TELL FRIEZE TO HIRE LOCAL & UNION!

Call the Frieze Office: 212 463 7488
Twitter: #FNY13 #FriezeRatFair @FriezeNewYork
artsandlabor.org

NYC Labor Leaders Demand that Frieze NY Art Fair Hire Local and Union

Arts & Labor supports Teamsters Joint Council 16, IATSE Local 829, IATSE Local 1 and District Council 9 of Painters in their demand for hiring local and union labor at Freize Art Fair as well as new permits that evaluate major profit events in NYC public parks.
CALL TO FREEZE FRIEZE
FOR IMMEDIATE RELEASE
April 16, 2013   
Contact: Michael McKeon
(212) 681-1380

LABOR LEADERS TO HOLD PRESS CONFERENCE ON FRIEZE NEW YORK ART FAIR AND CALL UPON ELECTED OFFICIALS TO CHANGE PARKS PERMITTING

Elected officials will join members of Teamsters Joint Council 16, IATSE Local 829, IATSE Local 1 and District Council 9 of Painters, at a press conference on the steps of City Hall Wednesday at 1:00 PM to confront the organizers of the Frieze New York Art show and their local events coordinator, Production Glue, LLC on their continuing discrimination against hiring New York City’s union workers.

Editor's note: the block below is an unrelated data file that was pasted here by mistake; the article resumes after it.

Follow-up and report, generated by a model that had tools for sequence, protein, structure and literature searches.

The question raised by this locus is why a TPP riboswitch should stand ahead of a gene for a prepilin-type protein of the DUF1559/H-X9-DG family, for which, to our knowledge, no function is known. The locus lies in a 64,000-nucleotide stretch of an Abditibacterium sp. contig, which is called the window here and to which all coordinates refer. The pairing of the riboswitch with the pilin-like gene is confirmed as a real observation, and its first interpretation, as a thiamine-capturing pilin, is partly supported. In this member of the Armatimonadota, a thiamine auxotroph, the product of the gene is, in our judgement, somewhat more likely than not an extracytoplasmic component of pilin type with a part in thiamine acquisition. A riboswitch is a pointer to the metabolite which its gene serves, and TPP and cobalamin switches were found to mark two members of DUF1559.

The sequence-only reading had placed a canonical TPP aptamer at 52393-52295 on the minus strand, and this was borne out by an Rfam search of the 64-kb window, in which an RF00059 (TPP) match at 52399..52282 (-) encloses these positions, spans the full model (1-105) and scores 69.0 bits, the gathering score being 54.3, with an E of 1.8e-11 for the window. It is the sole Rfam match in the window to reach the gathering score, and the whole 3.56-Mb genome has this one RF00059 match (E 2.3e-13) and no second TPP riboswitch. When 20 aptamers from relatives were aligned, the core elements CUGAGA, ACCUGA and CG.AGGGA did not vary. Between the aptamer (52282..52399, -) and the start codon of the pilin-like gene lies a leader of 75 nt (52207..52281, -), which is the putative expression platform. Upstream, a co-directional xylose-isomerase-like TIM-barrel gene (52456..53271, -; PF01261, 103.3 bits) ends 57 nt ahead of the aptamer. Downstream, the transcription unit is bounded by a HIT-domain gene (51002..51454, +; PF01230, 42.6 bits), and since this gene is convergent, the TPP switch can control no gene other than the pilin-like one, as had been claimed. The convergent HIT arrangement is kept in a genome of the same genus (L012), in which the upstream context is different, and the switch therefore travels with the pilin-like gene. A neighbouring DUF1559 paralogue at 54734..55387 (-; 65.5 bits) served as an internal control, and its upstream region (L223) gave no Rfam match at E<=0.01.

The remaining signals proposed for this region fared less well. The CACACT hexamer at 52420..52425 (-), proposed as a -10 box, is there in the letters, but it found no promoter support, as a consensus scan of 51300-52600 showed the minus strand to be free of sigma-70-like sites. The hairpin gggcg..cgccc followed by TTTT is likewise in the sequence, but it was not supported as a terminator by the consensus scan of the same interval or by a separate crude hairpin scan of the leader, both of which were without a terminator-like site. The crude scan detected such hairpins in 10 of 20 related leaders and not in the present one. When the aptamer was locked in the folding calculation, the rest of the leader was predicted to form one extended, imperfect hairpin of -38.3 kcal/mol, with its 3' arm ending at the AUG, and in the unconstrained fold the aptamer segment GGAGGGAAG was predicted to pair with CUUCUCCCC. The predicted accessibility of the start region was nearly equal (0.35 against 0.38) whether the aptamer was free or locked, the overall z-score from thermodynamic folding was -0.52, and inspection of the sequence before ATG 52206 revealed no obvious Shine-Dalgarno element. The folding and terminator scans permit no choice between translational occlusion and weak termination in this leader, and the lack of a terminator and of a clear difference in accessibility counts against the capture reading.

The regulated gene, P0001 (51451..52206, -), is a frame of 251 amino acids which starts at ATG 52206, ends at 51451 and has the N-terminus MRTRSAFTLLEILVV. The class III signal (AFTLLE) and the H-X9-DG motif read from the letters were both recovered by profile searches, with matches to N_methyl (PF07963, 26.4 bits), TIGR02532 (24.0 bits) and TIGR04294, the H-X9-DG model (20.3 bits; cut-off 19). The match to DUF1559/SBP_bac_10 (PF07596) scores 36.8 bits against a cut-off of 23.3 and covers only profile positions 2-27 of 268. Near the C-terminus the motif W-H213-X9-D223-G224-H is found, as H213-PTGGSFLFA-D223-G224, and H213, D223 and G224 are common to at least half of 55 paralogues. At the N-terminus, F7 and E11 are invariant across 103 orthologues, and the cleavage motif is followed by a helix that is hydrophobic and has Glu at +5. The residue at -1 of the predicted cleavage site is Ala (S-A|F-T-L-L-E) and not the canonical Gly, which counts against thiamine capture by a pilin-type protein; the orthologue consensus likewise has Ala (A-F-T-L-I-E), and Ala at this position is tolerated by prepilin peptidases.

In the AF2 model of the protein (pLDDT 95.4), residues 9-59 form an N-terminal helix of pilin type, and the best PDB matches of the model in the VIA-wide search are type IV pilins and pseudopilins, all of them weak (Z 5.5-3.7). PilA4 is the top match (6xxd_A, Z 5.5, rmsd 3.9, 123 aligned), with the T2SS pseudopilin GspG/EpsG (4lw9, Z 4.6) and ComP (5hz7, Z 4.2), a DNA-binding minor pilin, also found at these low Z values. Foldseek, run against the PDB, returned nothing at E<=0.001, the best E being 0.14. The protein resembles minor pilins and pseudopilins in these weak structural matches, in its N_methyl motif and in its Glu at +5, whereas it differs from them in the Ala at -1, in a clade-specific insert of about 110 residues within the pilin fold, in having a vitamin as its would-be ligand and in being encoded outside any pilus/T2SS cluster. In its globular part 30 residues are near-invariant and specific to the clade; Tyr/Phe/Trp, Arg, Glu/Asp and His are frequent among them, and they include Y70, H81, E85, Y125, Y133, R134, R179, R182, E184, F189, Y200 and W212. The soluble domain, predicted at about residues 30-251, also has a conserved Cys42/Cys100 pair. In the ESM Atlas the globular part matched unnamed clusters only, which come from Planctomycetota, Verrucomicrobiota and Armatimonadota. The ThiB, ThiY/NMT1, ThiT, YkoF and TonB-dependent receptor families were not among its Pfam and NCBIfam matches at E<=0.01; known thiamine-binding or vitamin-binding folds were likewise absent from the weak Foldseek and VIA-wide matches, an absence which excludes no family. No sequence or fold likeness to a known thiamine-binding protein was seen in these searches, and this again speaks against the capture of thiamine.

Continue reading

Statement on the Occupation of The Cooper Union

December 11, 2012
We are Arts & Labor, a working group of Occupy Wall Street dedicated to rectifying economic inequalities and exploitative working conditions in the culture industry. We are a group of art workers that includes students, alumni, staff and faculty of art colleges and universities.

We stand in solidarity with The Students for a Free Cooper Union, and commend the bravery of their recent week-long occupation of the Peter Cooper Suite. Not only do we support the students’ previous demands for free tuition, transparency, and the resignation of the President, we applaud the recent decisions of the students to take action to meet those demands themselves. We believe that access to a free education is a human right that should be extended to all.